And there are several other items in Mr Serel’s notes worth mentioning: one, under the year 1766, when a treasurer of the corporation was mentioned and when the business of the town’s conduit wardens was discussed; and the other, presumably with their law-and-order function, was a list of the town’s inns — the New Inn, the Red Lion, the Crown, the George, the Cock, the White Hart, the Bell, the Shoulder of Mutton, the Tor Hill, the King’s Head, the Shoemakers’ Arms, the Three Horseshoes, the Queen’s Head, the Anchor, Splats, the White Cap, and the Colliflower. What the corporation proposed to do with this list is not made clear.
A decade of asserting — or overreaching — themselves
But ten years later they seem to have been prepared to throw their weight around. They resolved in 1777 to enforce the payment of the parish rate to repair the conduit and its pipes, though they had no legal authority to do so. In 1781–2 they resolved to renew the lease of the late James Davis’s house in High Street called the Corporation House, though unless they were subletting I strongly suspect it was not theirs to dispose of.
And in 1785 the town clerk had the nerve to record as if it were corporation business the proceedings of a meeting at the George to appoint waywardens, quite evidently the business of the parishes. Perhaps the last was a mistake, for Daniel Follett Scadding was new to the job as town clerk and did not last for long: he was dismissed “for divers negligences made” and was replaced by John Conway of Wells, gentleman, in August 1786.
Better records begin in 1786
Now the earliest original records of the corporation begin in 1786 and at the beginning of the first volume is a list headed “Members of the Corporation of Glaston”. It begins with John Bond, mayor in 1797, and nine names are crossed through with the word “excluded” in the margin against that of Thomas Barnard and “ditto” against most of the others. Beside the rest are the letters G and U or V, and a few crosses. What this is all about I haven’t a clue, but the rest of the book records the often infrequent and badly-attended meetings of the corporation usually held in a room or building called the Town Hall.
Most of the business is about membership of this exclusive club, not about the public good.
There was a large turnout in June 1794 when Henry Bosanquet of Langford Court was elected recorder in place of Sir Henry Gould of Sharpham who had recently died, but no-one attended the meeting in April 1801. There was similarly a full meeting in October 1813 when John Conway, the town clerk and a resident of Wells, resigned after 27 years and was replaced, according to the minutes, by Richard Periam Prat of Glastonbury as the corporation had decided they needed a resident clerk.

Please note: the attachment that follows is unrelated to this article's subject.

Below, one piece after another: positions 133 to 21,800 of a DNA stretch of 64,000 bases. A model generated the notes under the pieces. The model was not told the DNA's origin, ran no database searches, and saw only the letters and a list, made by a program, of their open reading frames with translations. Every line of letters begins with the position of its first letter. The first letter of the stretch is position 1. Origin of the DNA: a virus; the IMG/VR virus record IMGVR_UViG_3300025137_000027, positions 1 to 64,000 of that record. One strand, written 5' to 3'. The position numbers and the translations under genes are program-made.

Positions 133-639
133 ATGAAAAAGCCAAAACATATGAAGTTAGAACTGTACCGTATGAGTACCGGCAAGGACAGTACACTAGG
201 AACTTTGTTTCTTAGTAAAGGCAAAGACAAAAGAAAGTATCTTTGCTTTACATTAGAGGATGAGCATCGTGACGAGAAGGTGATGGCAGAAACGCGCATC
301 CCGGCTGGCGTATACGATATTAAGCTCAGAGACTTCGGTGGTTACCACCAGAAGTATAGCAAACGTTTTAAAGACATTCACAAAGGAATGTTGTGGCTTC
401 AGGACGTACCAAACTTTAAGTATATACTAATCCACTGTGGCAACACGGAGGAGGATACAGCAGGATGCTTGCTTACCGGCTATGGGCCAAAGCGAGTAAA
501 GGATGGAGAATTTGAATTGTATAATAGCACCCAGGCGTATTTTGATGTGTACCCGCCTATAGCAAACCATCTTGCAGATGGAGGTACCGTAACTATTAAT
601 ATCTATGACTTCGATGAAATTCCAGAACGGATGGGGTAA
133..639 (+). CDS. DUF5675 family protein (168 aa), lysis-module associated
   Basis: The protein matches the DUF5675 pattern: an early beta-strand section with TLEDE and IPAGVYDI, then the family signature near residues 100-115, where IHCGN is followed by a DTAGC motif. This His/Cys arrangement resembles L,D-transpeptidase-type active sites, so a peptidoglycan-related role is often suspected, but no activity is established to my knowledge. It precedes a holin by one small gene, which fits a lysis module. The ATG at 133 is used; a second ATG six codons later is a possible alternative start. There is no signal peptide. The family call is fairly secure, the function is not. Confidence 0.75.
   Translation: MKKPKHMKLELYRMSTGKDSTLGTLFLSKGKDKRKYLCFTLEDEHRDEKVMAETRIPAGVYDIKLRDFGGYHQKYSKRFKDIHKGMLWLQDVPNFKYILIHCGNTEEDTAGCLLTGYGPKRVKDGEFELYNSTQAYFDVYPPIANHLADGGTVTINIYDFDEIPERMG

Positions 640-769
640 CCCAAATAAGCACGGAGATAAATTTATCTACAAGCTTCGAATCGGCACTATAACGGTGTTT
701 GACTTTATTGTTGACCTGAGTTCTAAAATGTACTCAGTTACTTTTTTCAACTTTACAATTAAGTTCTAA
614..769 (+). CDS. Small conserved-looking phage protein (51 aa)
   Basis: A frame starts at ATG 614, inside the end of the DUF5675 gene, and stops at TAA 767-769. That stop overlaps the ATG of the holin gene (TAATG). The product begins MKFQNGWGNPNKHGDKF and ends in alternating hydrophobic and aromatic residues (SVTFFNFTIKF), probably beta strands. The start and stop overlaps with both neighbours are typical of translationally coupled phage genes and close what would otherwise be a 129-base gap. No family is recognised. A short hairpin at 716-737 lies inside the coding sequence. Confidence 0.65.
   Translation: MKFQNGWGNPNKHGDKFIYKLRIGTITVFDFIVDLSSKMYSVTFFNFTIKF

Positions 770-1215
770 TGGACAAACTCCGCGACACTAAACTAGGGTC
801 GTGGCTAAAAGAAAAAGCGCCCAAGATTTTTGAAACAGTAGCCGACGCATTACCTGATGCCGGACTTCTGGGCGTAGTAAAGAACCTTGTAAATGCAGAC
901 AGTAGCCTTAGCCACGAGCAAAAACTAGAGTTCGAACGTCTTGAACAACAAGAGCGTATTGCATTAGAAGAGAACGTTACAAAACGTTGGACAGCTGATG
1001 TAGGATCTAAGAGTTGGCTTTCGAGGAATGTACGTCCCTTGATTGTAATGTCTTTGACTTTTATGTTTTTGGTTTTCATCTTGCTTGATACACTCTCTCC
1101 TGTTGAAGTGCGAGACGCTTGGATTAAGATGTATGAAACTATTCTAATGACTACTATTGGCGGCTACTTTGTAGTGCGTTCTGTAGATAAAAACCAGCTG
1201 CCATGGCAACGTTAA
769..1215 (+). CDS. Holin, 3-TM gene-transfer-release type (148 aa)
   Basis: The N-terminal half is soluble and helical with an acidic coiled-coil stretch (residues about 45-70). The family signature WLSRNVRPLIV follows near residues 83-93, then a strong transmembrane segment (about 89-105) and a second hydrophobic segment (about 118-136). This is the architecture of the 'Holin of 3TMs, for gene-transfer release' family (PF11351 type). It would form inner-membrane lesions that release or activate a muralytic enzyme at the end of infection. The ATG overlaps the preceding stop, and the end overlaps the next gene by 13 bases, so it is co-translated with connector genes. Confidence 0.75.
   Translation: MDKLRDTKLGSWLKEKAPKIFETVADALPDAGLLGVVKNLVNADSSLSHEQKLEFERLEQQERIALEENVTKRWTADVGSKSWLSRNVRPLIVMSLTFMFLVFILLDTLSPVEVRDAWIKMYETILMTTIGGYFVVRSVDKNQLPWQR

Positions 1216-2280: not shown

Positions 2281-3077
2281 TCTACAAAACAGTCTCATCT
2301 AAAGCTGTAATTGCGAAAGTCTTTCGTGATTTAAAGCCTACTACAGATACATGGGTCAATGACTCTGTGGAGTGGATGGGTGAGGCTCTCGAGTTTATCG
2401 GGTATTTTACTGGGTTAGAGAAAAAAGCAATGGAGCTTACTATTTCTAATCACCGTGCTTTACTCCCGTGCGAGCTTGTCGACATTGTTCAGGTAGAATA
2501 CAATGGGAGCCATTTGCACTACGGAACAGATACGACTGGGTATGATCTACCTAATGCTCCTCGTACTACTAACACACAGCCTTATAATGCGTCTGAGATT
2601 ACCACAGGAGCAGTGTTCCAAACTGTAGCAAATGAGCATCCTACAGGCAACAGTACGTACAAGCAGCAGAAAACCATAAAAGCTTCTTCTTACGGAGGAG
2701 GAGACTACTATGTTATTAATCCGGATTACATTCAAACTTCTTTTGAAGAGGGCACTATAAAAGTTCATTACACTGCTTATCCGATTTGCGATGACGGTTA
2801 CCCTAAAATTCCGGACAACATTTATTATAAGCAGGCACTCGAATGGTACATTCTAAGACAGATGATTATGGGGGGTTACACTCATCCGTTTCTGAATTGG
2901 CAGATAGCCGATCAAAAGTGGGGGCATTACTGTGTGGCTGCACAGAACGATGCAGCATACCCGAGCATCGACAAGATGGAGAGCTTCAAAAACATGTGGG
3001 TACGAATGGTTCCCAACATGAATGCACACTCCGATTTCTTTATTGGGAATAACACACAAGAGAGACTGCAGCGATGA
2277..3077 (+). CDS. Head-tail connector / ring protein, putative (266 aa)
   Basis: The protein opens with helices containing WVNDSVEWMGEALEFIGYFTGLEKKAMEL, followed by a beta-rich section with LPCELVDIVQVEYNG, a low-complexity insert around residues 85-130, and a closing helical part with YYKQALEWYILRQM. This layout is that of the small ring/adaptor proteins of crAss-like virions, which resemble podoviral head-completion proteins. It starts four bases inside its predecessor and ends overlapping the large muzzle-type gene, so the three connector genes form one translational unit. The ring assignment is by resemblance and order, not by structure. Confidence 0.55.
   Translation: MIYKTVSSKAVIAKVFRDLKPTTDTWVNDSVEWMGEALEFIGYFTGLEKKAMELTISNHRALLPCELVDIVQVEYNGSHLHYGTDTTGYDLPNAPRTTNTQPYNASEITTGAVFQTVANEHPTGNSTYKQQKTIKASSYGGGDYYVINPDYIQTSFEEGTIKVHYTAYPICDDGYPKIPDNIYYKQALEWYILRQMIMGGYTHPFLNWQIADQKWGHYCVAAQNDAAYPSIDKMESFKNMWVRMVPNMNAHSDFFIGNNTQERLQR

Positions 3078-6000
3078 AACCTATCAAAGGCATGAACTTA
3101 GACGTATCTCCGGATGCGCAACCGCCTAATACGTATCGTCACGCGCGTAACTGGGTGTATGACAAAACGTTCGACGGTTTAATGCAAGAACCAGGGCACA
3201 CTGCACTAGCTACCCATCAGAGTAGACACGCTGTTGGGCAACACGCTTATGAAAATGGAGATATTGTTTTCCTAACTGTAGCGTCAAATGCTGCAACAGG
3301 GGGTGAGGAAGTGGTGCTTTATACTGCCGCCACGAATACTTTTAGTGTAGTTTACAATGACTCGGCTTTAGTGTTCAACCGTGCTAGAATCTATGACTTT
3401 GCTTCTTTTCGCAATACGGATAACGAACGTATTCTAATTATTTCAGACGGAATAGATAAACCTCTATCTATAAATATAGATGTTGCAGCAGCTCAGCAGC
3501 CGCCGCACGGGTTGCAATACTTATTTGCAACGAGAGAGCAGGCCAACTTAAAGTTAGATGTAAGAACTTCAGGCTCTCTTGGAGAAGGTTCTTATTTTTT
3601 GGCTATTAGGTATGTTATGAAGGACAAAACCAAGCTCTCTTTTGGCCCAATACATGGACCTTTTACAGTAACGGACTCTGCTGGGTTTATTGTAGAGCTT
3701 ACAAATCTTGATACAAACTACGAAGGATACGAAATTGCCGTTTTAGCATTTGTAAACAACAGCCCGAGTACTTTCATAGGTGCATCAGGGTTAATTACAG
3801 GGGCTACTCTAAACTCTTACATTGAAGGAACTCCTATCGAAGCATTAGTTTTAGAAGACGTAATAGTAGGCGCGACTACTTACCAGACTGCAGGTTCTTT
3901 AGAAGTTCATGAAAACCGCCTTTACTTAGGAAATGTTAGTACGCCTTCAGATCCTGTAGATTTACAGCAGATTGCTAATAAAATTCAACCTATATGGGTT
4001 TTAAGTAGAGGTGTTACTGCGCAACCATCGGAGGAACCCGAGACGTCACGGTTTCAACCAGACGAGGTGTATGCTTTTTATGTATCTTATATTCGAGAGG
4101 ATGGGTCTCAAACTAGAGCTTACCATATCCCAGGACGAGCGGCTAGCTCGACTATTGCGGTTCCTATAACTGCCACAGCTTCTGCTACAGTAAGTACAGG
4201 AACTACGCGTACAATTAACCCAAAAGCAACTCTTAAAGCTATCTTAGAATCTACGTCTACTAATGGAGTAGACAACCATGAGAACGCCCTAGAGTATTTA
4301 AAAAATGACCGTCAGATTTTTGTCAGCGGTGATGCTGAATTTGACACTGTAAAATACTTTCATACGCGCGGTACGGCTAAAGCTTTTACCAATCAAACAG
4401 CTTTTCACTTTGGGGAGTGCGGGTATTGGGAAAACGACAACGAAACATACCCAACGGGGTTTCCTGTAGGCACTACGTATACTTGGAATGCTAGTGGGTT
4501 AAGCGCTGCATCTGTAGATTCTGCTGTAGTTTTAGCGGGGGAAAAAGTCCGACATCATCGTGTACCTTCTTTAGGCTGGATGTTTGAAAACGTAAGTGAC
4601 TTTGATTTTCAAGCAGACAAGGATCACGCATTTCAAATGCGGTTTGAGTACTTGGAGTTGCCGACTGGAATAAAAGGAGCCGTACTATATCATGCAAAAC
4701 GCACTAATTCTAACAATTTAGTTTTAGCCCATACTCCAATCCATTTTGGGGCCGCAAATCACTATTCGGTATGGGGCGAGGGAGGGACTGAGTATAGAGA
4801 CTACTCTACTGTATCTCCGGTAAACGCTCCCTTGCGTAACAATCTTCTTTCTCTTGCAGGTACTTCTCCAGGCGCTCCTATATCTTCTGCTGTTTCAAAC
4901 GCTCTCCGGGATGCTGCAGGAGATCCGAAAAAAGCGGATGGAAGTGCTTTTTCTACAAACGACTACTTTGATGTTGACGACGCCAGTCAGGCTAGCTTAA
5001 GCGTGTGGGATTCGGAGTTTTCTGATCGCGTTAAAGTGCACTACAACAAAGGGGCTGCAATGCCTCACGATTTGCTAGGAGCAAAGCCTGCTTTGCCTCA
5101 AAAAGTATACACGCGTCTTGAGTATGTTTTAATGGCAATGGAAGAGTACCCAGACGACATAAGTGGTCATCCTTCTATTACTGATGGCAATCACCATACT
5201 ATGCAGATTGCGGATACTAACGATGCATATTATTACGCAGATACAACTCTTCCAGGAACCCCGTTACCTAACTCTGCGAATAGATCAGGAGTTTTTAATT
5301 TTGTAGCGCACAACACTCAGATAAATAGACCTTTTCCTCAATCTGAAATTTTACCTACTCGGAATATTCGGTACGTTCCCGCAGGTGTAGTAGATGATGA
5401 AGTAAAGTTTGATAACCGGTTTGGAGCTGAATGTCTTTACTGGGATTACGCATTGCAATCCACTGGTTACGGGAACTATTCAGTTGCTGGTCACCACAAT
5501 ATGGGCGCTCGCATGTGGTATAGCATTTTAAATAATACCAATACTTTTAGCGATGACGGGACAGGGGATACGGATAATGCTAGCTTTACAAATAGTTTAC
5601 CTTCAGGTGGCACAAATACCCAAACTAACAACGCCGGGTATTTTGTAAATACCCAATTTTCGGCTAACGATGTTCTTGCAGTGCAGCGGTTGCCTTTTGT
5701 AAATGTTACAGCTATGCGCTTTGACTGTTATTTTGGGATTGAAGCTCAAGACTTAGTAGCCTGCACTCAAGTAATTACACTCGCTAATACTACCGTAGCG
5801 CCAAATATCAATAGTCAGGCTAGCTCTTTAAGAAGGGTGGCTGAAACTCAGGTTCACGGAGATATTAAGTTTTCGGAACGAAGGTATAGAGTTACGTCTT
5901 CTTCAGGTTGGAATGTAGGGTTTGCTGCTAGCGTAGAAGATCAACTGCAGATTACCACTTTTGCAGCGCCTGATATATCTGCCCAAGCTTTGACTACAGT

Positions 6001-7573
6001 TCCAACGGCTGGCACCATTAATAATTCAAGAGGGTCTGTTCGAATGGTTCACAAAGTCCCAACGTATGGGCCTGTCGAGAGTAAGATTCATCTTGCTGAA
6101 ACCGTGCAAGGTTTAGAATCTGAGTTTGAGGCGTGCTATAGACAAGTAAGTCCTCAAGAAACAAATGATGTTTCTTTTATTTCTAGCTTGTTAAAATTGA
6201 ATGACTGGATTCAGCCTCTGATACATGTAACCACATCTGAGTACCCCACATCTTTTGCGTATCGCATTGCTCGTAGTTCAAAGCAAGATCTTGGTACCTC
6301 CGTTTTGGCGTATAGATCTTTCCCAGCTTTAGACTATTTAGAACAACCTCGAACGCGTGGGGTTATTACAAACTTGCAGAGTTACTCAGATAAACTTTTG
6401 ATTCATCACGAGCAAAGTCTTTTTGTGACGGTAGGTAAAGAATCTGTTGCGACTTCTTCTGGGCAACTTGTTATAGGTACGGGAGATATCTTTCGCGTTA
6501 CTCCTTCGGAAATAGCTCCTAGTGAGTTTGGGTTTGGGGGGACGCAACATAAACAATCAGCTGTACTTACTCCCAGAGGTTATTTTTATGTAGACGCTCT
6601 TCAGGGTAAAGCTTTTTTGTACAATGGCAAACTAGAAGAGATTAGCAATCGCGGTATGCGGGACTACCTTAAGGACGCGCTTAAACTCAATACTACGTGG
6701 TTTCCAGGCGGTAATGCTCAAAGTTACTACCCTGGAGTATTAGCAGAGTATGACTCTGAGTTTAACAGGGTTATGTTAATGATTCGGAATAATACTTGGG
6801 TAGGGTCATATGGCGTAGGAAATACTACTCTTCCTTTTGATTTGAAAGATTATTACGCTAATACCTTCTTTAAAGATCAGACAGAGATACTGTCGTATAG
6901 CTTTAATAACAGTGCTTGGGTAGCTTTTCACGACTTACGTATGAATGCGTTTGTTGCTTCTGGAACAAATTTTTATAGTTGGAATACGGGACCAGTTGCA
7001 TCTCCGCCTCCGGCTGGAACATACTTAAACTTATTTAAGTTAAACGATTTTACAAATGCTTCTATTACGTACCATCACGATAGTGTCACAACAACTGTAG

An amplification of that minute rescued by Mr Serel revealed that the mayor, Charles Brown, had wanted a friend in the post, no doubt to cover his back, and wrote to Conway threatening his removal. At the meeting to consider the appointment, Brown could muster only six votes for his friend Mr Reeves, while Prat, proposed by an unnamed capital burgess, received twice as many. The mayor thereupon made off with the only official record of the vote and refused to summon a meeting to discuss the matter.
Chasm between the two kinds of burgesses
There was, of course, a great gulf fixed between capital and inferior burgesses, a fact that was made abundantly clear in the council minutes: the capital burgesses were recorded as “esquires”, the inferior as “misters”.
Much more research would reveal something about the social and economic background of the corporation at the end of the 18th century, but I suspect I am not far wrong in assuming that they were mostly landowners, attorneys and surgeons, with just a few of the most prosperous businessmen calling themselves mercers. It is no surprise that three of the four directors of that brilliant enterprise the Glastonbury Coal Company, John Roach, John Jeanes Roach and Charles Brown, should have been members of the corporation. The fourth, and evidently leader of the business, was William Moxham, a retired Bristol distiller.
The stockingmakers who had led Glastonbury’s economic boom for thirty years were certainly not among the town’s recognised governors, though one of them, John Payne, was elected a constable in 1795 and a currier, John Russ, was an inspector of hides — inferior officers, who had to be kept in their place.
Fines as a money-raiser
Finance, as I implied earlier, was a continuing problem, for the charter gave the the mayor and burgesses no property to enable them to keep up appearances. In the face of poor attendances and reluctance of some people to hold office, fines for refusal to serve was a surefire source of cash.